The Rx Consultant 

Drug Therapy in Elders: Clinical Tips

This CE activity was originally published in The Rx Consultant.  If you received credit for it previously, you cannot receive credit for it again.
Nearly 30% of older adults (aged 57-85) use 5 or more prescription medications concurrently – a key reason they are particularly susceptible to adverse drug events. Older adults are 4 to 7 times more likely than younger persons to experience adverse drug events that cause hospitalization. About 27% of the adverse drug events that occur in individuals 65 years of age or older are considered preventable.

The use of medications in elders is complex, with many factors contributing to medication problems. Polypharmacy (or “polymedicine”) is a broad term that can include the use of unnecessary and/or potentially inappropriate medications (PIMs). Age-related pharmacokinetic and pharmacodynamic changes – in addition to coexisting conditions (including physical disability and cognitive impairment) – contribute to a higher risk of adverse drug events. There are also more subtle underlying factors. Older individuals are frequently excluded from pre-marketing clinical trials and, as a result, approved indications and doses for medications may not be applicable to this population. The usefulness of clinical practice guidelines may be limited as well, because they are often based on evidence from studies that excluded either all older adults or older adults with multiple coexisting conditions.

This issue presents a brief update of age-related pharmacokinetic and pharmacodynamic considerations, drugs that should be avoided in older patients, and drugs that are likely to interfere with cognition and memory. Finally, you’ll find practical tips on drug therapy for several health conditions that are common in elders. Throughout, our goal is to provide you with practical tools you can use to optimize drug therapy for our elderly population.
This CE activity is a monograph (PDF file).



CE Hours


CE Units


Activity Type


Target Audience(s)

Pharmacists, Nurse Practitioners, Clinical Nurse Specialists, and Registered Nurses


This CE activity was developed by The Rx Consultant, a publication of Continuing Education Network, Inc.

CE activities for Pharmacists and Pharmacy Technicians:
This continuing education (CE) activity meets the requirements of all state boards of pharmacy for approved continuing education hours.  CE credit is automatically reported to CPE Monitor.
CE activities for Nurse Practitioners and Clinical Nurse Specialists: 
    This continuing education activity meets the requirements of:
        The American Nurses Credentialing Center (ANCC) for formally approved continuing education (CE) hours, and CE hours of pharmacotherapeutics.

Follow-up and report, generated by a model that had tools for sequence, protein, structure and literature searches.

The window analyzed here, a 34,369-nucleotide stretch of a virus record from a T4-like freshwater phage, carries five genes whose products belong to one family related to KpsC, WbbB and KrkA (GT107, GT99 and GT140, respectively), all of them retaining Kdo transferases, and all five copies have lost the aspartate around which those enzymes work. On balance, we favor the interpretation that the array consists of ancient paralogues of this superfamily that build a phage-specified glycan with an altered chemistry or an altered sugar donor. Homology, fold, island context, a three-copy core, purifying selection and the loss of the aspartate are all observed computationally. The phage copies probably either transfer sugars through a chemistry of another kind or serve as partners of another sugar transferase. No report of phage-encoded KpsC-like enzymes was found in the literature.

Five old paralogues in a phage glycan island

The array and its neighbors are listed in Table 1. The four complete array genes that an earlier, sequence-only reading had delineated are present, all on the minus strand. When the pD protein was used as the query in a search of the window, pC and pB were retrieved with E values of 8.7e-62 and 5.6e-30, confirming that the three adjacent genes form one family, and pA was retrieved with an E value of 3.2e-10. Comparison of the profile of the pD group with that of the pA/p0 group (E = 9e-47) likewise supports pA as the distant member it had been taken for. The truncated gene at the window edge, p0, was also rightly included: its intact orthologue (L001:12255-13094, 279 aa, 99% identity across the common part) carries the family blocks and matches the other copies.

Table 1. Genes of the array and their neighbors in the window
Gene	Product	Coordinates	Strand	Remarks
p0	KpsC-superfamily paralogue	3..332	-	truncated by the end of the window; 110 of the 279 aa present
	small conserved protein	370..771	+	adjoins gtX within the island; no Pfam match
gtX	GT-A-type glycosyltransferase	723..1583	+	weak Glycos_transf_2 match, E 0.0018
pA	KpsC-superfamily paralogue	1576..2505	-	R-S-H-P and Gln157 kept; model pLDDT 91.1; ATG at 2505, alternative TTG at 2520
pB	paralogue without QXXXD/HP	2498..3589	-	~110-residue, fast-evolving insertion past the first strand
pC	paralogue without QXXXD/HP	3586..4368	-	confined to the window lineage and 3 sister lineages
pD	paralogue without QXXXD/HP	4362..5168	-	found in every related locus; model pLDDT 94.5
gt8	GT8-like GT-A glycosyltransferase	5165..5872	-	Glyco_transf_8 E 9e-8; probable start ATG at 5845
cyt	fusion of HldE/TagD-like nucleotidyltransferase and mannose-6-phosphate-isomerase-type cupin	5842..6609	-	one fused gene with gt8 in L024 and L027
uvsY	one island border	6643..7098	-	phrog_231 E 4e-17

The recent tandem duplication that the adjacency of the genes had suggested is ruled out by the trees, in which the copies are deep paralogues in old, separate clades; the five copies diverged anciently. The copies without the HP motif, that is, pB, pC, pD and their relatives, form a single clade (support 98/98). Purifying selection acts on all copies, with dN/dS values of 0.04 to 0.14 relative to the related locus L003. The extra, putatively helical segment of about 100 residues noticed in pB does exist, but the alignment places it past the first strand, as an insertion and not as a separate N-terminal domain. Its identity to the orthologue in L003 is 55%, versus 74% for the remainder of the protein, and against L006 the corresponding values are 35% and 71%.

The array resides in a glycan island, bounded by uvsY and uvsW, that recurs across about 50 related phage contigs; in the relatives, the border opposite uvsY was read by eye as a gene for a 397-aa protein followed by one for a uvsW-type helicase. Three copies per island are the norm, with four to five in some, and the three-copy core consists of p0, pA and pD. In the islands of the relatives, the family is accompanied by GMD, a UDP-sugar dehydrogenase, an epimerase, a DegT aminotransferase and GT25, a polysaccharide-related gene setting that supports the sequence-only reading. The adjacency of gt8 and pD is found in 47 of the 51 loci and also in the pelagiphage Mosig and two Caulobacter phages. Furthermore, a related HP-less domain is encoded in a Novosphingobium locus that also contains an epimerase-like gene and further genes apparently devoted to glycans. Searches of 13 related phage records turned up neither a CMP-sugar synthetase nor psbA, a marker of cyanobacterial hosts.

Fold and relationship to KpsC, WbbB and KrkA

The American Academy of Nurse Practitioners Certification Program (AANPCP) for acceptable, accredited CE.
    This is a pharmacotherapeutics/pharmacology CE activity.
  • The ANCC requires all advanced practice nursing certificants (CNSs and NPs) to complete 25 CE hours of pharmacotherapeutics as a portion of the required 75 continuing education hours.
  • Pharmacology CE is recommended by the AANPCP and will be required for Certificants renewing certification starting January 2017.  
  • Most State Boards of Nursing require a minimum number of pharmacy contact hours to renew an advanced practice license.
Accreditation Council for Pharmacy Education
Continuing Education Network, Inc. is accredited by the Accreditation Council for Pharmacy Education as a provider of continuing pharmacy education.

Requirements for CE Credit

CE No Longer Valid
To receive CE credit, the participant must read the monograph in its entirety, complete the online post-test and receive a score of 70% or greater, and complete the online evaluation.
Pharmacists and Pharmacy Technicians -
Be sure your profile has been updated with your NAPB e-profile # and birth date information BEFORE completing the online evaluation, or your credits cannot be reported to CPE Monitor.
Continuing pharmacy education credit is automatically reported to CPE Monitor once the post-test & evaluation are successfully completed.




  • Discuss the Beers criteria for potentially inappropriate medications (PIMs) in elders. List 2 PIMs in each of 3 different classes that should be avoided in elders.
  • List at least 4 drug classes that have strong anticholinergic properties. List at least 4 other drug classes that can impair cognition in elders. Give 1-2 examples of drugs in each class.
  • Discuss at least 1 important drug therapy management strategy in elders for each of the following: dementia, depression, insomnia, and seizure disorders.


Pamela Mausner, MD

Brief Bio : Pamela Mausner, MD; Medical Writer/Editor and Healthcare Advocate; and Associate Editor, The Rx Consultant.
Disclosure : Dr.Mausner reports no financial relationship with the manufacturer(s) or provider(s) of any commercial product(s) or service(s) that appear in this issue.

R. Ron Finley, BS Pharm, RPh, CGP

Brief Bio : R. Ron Finley, BS Pharm, RPh, CGP, Clinical Pharmacist, UCSF Memory and Aging Center, San Francisco, and Consultant Pharmacist, Brain Health Center, Sutter Health, Davies Campus, San Francisco, CA.
Disclosure : Ron Finley is a member of the Speakers Bureau for Novartis Pharmaceuticals. Dr Finley report no financial or personal relationship with any commercial interest producing, marketing, reselling, or distributing a product or service that appears in this issue.

Tracy Farnen, PharmD

Brief Bio : Tracy Farnen, PharmD; Managing Editor, The Rx Consultant.
Disclosure : Dr. Farnen reports no financial relationship with the manufacturer(s) or provider(s) of any commercial product(s) or service(s) that appear in this issue.

Activity Number


Release Date: May 18, 2013
Credit Expiration Date: May 18, 2016

CE Hours